Nov. 18, 2003 – Gov. Charles W. Turnbull sent a letter on Tuesday to the regional head of the Federal Emergency Management Agency asking FEMA to join the territory in conducting a preliminary assessment of damages caused by recent rains and flooding.
Based on its own initial assessment of St. Croix, St. Thomas and St. John, the V.I. government is estimating damages at $25.5 million, Turnbull told Jose A. Bravo, disaster recovery manager for FEMA's Caribbean Division.
That assessment covers "debris removal, emergency protective measures, roads and bridges, water control facilities, buildings and equipment, public utilities, parks, recreation facilities and other facilities," a Government House release stated.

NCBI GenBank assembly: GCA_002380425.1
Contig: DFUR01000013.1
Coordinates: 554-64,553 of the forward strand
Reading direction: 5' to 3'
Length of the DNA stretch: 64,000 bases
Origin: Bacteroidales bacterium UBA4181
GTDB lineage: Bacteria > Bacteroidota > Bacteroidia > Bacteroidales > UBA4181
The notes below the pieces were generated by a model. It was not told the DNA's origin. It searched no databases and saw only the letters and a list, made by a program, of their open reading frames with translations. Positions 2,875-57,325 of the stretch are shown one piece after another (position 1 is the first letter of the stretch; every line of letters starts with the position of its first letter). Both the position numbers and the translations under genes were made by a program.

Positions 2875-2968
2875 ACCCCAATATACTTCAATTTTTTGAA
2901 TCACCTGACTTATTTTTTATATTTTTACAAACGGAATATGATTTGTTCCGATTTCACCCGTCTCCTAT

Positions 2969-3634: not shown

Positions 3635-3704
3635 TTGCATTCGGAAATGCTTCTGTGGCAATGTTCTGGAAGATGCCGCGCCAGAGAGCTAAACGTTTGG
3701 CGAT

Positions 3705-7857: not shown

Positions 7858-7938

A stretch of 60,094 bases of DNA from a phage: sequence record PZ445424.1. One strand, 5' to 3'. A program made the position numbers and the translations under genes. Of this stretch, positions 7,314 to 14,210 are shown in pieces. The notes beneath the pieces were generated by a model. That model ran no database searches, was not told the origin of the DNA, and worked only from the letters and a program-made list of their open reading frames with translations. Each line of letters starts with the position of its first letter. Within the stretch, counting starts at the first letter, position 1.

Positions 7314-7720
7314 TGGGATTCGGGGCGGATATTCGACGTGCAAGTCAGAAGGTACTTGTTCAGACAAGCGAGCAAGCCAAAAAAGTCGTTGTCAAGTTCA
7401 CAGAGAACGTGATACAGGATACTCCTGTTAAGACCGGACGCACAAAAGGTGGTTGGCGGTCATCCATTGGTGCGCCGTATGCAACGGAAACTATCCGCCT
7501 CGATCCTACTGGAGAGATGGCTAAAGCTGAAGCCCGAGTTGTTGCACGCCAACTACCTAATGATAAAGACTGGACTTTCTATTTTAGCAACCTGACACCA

The government's breakdown of damages by island:
St. Croix – $8.8 million.
St. Thomas – $10.6 million.
St. John – $6,042.
Turnbull declared a territorial state of emergency last Friday. He said at that time: "We are making assessments today, and if we find we qualify for federal aid, we will apply … We will get whatever help from the federal government we can."
Bravo, who is based in Puerto Rico, is very familiar with the Virgin Islands, having headed FEMA relief and recovery operations in the territory in the aftermath of Hurricane Bertha in 1996. A federal disaster was declared then while recovery and mitigation efforts were still under way as a result of Hurricane Marilyn.
The governor told Bravo that the territory "stands ready to partner with FEMA to assess all emergency efforts and damages to non-federal roads, infrastructure and facilities."
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